Sunday, September 2, 2007

Chapter 7 Concepts of Green Urbanism

Chapter 7 in Green Urbanism by Timothy Beatley provides some interesting examples of how European Cities are implementing and promoting green values in their urban environments.
Key Concepts
· Cities are like forests and other natural systems. It’s important to stop separating an urban environment from a natural one. Instead treat them as one in the same where elements of both can exist.
· Asset building. The concept of building and protecting a city’s assets is a reoccurring theme in the books we have surveyed. An example in Green Urbanism is on page 199. The city of Stockholm realized how valuable their water was after they began to see its quality deteriorate. They ended up developing a comprehensive plan that treated and protected the water source from further damage. Any further development would have to fit into the plan that reflected the value of water to the city.
· Ecological Networks. Several European cities have set up ecological networks functioning at the national, state and local governmental levels. The national level provides the resources and a framework for the lower levels to work from. The higher governmental levels identify areas of interest, provide background studies, and map out the areas of ecological importance and potential. It is then up to the local areas to work out the details of the conservation plans loosely defined on the “ecological network map.”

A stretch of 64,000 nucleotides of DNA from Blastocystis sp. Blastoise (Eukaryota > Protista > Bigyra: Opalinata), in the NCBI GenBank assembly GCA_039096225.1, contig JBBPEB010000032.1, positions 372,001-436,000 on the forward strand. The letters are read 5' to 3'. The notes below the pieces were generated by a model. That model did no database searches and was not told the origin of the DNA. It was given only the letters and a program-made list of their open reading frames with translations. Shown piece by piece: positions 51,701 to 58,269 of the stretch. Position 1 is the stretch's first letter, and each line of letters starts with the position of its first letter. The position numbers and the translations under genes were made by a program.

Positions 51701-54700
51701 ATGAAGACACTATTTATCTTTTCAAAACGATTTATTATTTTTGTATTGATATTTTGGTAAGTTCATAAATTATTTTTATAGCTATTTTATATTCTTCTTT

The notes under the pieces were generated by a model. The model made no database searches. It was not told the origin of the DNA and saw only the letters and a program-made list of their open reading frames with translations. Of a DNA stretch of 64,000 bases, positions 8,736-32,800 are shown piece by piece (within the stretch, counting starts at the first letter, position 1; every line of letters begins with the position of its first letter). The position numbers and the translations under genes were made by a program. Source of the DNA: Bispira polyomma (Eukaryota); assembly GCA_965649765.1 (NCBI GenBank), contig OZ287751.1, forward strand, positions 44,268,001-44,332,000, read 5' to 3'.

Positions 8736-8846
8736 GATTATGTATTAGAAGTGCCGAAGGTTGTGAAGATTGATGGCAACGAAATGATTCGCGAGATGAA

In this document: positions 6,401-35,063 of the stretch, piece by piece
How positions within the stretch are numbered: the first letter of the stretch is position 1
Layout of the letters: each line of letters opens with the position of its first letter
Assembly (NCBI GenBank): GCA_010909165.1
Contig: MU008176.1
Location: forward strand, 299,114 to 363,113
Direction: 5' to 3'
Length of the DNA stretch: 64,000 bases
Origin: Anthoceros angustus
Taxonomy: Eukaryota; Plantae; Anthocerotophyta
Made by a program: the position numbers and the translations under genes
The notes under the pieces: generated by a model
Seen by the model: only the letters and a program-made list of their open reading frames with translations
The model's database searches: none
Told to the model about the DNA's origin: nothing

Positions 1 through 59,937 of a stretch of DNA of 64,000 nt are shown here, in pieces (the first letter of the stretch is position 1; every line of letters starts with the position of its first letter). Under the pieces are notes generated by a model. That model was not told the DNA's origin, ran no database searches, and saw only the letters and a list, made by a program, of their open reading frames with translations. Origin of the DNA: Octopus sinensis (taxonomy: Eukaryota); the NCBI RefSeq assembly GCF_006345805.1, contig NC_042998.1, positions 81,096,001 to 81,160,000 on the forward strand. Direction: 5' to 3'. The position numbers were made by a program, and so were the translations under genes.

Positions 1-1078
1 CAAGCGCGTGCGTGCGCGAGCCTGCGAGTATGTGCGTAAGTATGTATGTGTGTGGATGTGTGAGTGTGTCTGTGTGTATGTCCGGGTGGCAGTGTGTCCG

An interesting and do-able application toward greening cities is the planting of trees in parking lots. Parking lots are often large spans of cement which contribute to storm water runoff and sewer overflows. They are aesthetically unappealing, often hot, uncomfortable places. Adding regulations that would require a tree for every three parking spaces would contribute greatly to a greener streetscape and could be a springboard toward other green projects.
When attempting to implement green projects in many small rural towns and cities, the biggest challenge is counteracting the mantra “but we can’t afford it.” Questions such as “how will we pay for the maintenance?”, “how can we afford a park when we need development that will add to the tax base?” The town where I live has about 1/3 of the property as tax exempt, and yet the city is expected to provide a full array of services such as lights, garbage and snow removal, etc. How can struggling towns and cities afford to pay for and maintain green spaces?

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